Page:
ABC News asks if forced reset triggers are machine guns

AP Photo/Lisa Marie Pane

Forced reset triggers weren’t really a thing when the Las Vegas shooting happened. In the wake of that tragedy, though, lawmakers considered legislation that would have caused problems for the new technology. Congress was seriously looking at a bill that would ban any kind of modification to a firearm that would allow it to shoot faster, which could have been a problem.


After all, it can be argued that a trigger with a lighter pull allows you to shoot faster.

When President Donald Trump directed the ATF to reverse its ruling on bump stocks, it seemed parts of that problem went away.

Yet forced reset triggers eventually saw a similar decision from the ATF. They don’t meet the NFA definition of a machine gun, but the ATF says they are.

Now, there’s a legal battle over this disagreement.

ABC News decided to ask if the triggers are machine guns or not.

The internet videos are alarming to some, thrilling to others: Gun enthusiasts spraying bullets from AR-15-style rifles equipped with an after-market trigger allowing them to shoot seemingly as fast as fully automatic weapons.

The forced-reset triggers so concerned the federal Bureau of Alcohol, Tobacco, Firearms and Explosives that it ordered the company making them to halt sales only months after they began in 2020, declaring the devices illegal machine guns.

Rare Breed Triggers, founded in Florida and now based in Fargo, North Dakota, said the ATF was wrong and kept selling its FRT-15 triggers, setting the stage for a legal battle now in federal courts in New York and Texas.

The triggers are the latest rapid-fire gun accessories to draw scrutiny from government officials worried about mass shootings and police officer safety, joining bump stocks, which were banned by the Trump administration after the 2017 mass shooting in Las Vegas that killed 60 people, and cheap parts called auto sears that can make a pistol fire as if it were fully automatic.

“The defendants are illegally selling machine guns, plain and simple, with conversion devices that transform AR-15 type rifles into even more lethal weapons suited for battlefields, not our communities,” Breon Peace, the U.S. attorney for the Eastern District of New York, said when he sued Rare Breed in January, accusing the company of fraud.


It looks to me like they made up their minds.

Comparing forced reset triggers to bump stocks is fine with me. After all, both are devices that don’t change the functioning of the rifle itself, they just allow you to pull the trigger much faster.

But comparing them to full-auto switches–called “auto sears” here–is different. Full-auto switches don’t facilitate pulling the trigger faster. They actually do turn handguns into machine pistols, making it so a single pull of the trigger allows one to fire multiple rounds.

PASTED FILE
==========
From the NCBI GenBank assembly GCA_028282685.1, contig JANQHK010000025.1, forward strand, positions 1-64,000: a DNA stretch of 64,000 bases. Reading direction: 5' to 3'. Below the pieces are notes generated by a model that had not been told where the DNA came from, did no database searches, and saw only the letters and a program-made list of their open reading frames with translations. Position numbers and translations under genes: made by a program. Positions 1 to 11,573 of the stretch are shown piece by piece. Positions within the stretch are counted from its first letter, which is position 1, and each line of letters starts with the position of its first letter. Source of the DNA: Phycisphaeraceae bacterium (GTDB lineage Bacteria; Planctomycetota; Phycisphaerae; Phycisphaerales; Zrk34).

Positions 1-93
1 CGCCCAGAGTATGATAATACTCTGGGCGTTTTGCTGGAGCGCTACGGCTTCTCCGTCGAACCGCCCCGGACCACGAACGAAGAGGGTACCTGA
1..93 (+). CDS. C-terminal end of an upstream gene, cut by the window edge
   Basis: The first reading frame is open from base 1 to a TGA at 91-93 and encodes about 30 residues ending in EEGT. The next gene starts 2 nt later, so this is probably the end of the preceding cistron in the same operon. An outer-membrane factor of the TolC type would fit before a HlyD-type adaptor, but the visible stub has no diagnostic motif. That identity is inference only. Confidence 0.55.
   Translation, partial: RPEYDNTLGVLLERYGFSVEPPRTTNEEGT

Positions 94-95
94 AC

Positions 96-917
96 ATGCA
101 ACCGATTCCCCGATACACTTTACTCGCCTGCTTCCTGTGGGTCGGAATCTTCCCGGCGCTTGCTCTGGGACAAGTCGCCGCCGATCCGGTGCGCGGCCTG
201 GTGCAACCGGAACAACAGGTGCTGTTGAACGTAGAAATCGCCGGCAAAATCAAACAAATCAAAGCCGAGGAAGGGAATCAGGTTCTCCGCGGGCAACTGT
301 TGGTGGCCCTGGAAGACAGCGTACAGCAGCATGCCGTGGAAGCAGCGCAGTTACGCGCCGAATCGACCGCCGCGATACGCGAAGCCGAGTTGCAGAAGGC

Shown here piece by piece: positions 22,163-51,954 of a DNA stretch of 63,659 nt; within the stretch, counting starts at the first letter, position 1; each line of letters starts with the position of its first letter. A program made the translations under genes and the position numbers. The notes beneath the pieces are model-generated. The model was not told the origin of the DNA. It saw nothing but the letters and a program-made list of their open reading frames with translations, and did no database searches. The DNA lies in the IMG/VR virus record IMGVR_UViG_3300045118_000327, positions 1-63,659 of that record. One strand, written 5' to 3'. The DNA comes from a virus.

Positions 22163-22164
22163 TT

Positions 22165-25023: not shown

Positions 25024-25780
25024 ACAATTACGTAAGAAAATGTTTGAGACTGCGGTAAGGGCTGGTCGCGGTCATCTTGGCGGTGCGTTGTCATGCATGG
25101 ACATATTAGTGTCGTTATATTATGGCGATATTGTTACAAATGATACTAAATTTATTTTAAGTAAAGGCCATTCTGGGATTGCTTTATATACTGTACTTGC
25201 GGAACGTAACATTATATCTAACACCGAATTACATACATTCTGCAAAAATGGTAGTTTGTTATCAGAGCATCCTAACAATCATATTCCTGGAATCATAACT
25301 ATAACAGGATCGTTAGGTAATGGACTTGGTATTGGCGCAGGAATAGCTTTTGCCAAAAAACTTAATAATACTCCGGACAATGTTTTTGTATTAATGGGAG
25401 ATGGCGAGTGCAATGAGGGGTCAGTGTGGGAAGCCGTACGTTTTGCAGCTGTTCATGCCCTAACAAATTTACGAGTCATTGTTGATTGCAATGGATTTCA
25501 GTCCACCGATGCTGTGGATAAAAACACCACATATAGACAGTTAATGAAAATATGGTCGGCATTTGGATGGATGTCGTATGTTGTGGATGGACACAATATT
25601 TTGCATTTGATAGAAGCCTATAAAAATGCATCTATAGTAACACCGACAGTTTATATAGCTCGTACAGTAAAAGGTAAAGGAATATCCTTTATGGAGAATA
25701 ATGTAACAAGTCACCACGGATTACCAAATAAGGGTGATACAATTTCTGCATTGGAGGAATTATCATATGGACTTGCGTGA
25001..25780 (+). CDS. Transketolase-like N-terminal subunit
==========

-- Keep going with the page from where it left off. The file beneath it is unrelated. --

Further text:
So yeah, it seems ABC News made up its mind already.

Moving on, though, because there’s more to see.

Both the bump stock and forced-reset legal battles involve how to apply the National Firearms Act of 1934 — a law passed in part to try to curb gangland violence — as modified in 1968 and 1986.

The law bars the public from owning machine guns, which are defined as firearms capable of firing more than one shot, without manual reloading, by a single pull of a trigger, or “any part” that converts a weapon into a machine gun.

Maybe it’s just me, but I see the phrasing here as problematic. The way “any part” is included, suggests that forced reset triggers may well be included.

However, what those two words actually mean within the context of the NFA is any part that allows a weapon to fire more than one round with a single trigger pull. For example, full-auto switches would fall under this. Bump stocks and forced reset triggers don’t.


In fairness to ABC News, though, they do seem to acknowledge this.

But under the law, the key to whether a part turns a weapon into a machine gun isn’t the rate of fire, but whether or not multiple rounds can be fired with a single pull of the trigger.

Rare Breed’s owner, Kevin Maxwell, and its president, Lawrence DeMonico, both appeared in federal court in Brooklyn this month to argue their device is not a machine gun because it forces the trigger to return to the start position after each shot, so only one shot can be fired with a single “function” of the trigger.

They also acknowledge that the ATF approved another company’s forced reset trigger while going after them, as well as binary triggers being legal in most states.

Binary triggers fire once when you pull the trigger, then a second time when you release it.

Of course, ABC News doesn’t give a definitive answer, but while they acknowledge the difference between a machine gun and one equipped with a forced reset trigger, they do it later in the piece, when a lot of people would have quit reading, convinced they had a grip on what was happening.

Still, it sure seems pretty clear that these aren’t machine guns and never were.

After all, if a fast rate of fire made something a machine gun, Jerry Miculek would have to be registered with the NFA.


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